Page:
Suspects' iMessages? You're going to need a warrant.

Photographer: Sean Gallup/Getty Images

Of Course the Government Wants to Read Your Texts

Megan McArdle is a Bloomberg View columnist. She wrote for the Daily Beast, Newsweek, the Atlantic and the Economist and founded the blog Asymmetrical Information. She is the author of "“The Up Side of Down: Why Failing Well Is the Key to Success.”
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Imagine, if you will, a law that said all doors had to be left unlocked so that the police could get in whenever they needed to. Or at the very least, a law mandating that the government have a master key.

That's essentially what some in the government want for your technology. As companies like Apple and Google have embraced stronger encryption, they're making it harder for the government to do the kind of easy instant collection that companies were forced into as the government chased terrorists after 9/11.

And how could you oppose that government access? After all, the government keeps us safe from criminals. Do you really want to make it easier for criminals to evade the law?

The analogy with your home doors suggests the flaw in this thinking: The U.S. government is not the only entity capable of using a master key. Criminals can use them too. If you create an easy way to bypass security, criminals -- or other governments -- are going to start looking for ways to reproduce the keys.

Or consider another case cited by the Times, in which the government is trying to get Microsoft to give up messages stored on a server in Ireland. With today's global networks, it's frustrating how easily criminals can move things out of reach of the law. On the other hand, do we want the law to have farther reach? It might be kind of frightening if other governments, with weaker civil liberties protections, could get access to any of our messages, just by getting an order from their local court.

It's not that the government is wrong about the frustrations. Law enforcement has always had to deal with the problem of criminals who flee the jurisdiction. Over time, things like extradition agreements have reduced that problem to a largely manageable level. But physically removing themselves from the area is very costly for the criminal, who loses the ability to travel freely, to see family and friends, to access assets left behind in the United States. Moving your messages to a foreign server, on the other hand, requires little in the way of strenuous effort. As the cost of moving evidence beyond an investigator's reach goes down, the cost of an investigation goes up -- even if the foreign courts are cooperative, and they often are, you still have to file a case under different laws that may not map particularly well onto yours.

That's a serious problem that law enforcement is trying to solve. But when law enforcement officials try to solve serious problems, they often end up creating some serious new ones for the citizens they are trying to protect.

Take laws against structuring transactions to get around bank reporting. Laws requiring banks to report transactions over a certain size were designed to solve serious problems, like tax evasion and money laundering by nasty criminal organizations that do terrible things. Unfortunately, they also created hassles for ordinary folks who were just running their 7-11 and minding their own business. People -- both criminals and ordinary citizens -- learned how to "structure" transactions to keep them below the reporting cutoff. So now you have to make a law against structuring transactions. And suddenly folks against whom no other crime can be proved are liable to have their bank accounts seized because they ... made too many small deposits.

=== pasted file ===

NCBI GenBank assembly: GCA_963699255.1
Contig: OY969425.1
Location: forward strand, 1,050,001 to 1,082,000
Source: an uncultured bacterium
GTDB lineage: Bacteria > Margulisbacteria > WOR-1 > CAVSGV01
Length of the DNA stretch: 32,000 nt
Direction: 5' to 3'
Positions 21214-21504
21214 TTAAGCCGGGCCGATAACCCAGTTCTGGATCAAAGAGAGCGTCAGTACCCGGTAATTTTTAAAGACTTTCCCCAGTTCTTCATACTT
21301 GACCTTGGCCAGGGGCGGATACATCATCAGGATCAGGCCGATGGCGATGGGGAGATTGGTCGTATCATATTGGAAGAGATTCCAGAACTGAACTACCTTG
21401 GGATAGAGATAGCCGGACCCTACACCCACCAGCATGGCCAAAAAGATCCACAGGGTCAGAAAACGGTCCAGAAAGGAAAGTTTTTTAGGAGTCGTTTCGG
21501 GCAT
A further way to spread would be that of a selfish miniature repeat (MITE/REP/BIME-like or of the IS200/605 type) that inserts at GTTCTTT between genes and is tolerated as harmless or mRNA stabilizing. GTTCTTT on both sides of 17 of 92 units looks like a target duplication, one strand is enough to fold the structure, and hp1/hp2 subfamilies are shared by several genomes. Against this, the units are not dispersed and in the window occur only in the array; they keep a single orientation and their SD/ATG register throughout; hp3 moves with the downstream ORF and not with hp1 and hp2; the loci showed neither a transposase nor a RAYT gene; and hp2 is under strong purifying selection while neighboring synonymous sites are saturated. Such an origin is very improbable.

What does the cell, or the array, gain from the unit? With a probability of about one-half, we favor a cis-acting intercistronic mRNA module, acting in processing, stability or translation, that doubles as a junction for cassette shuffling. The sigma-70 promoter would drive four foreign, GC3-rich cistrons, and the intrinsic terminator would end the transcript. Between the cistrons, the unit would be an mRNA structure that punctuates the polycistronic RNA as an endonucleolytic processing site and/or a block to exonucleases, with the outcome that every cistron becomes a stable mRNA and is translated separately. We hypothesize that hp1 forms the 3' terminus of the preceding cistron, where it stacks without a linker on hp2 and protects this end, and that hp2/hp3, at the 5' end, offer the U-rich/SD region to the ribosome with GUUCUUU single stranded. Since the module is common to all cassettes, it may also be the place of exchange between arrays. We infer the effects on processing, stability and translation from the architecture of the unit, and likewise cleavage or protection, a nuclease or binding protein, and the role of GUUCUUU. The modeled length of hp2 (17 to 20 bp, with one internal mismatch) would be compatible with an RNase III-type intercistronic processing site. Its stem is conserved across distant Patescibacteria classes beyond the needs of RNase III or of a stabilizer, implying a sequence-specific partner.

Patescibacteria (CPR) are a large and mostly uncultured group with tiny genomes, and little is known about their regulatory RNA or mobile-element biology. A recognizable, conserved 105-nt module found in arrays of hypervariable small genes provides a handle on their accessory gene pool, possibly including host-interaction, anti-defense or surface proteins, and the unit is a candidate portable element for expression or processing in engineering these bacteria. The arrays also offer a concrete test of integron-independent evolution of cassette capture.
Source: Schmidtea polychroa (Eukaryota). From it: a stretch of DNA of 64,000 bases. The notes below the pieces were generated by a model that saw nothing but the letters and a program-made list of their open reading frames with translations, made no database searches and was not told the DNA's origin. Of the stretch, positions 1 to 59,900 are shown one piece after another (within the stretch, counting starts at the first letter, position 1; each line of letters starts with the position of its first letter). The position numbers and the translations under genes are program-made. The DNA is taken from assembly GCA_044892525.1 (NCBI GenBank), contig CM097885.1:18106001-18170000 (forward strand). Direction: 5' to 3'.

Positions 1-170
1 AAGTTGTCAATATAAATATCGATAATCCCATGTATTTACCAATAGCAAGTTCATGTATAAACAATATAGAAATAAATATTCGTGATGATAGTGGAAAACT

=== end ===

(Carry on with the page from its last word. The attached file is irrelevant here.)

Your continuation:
That's crazy. But it's hypertrophic logic of law enforcement.

So too with these new issues. Law enforcement is going to pursue strategies that maximize the ability to catch criminals or terrorists. These are noble goals. But we have to take care that in the pursuit of these goals, the population they're trying to protect is not forgotten. Every time we open more doors for our own government, we're inviting other unwelcome guests to join them inside.

I don't really blame law enforcement for pushing as hard as possible; rare is the organization in history that has said, "You know, the world would be a better place if I had less power to do my job." But that makes it more imperative that the rest of us keep an eye on what they're doing, and force the law to account for tradeoffs, rather than the single-minded pursuit of one goal.

Of course, those tradeoffs have to be counted both ways. It's a bad thing when child pornographers, terrorists and murderous cartels get away with their activities. The harder we make things for law enforcement, the easier it will be for their targets to continue to do some really bad things. But criminals are not the only people in the world. They're not even the majority. Though if we follow law enforcement's hypertrophic logic, casting an ever-wider net of ever-finer mesh, a majority of people may be caught up in it.

This column does not necessarily reflect the opinion of the editorial board or Bloomberg LP and its owners.

To contact the author of this story:
Megan McArdle at

To contact the editor responsible for this story:
Philip Gray at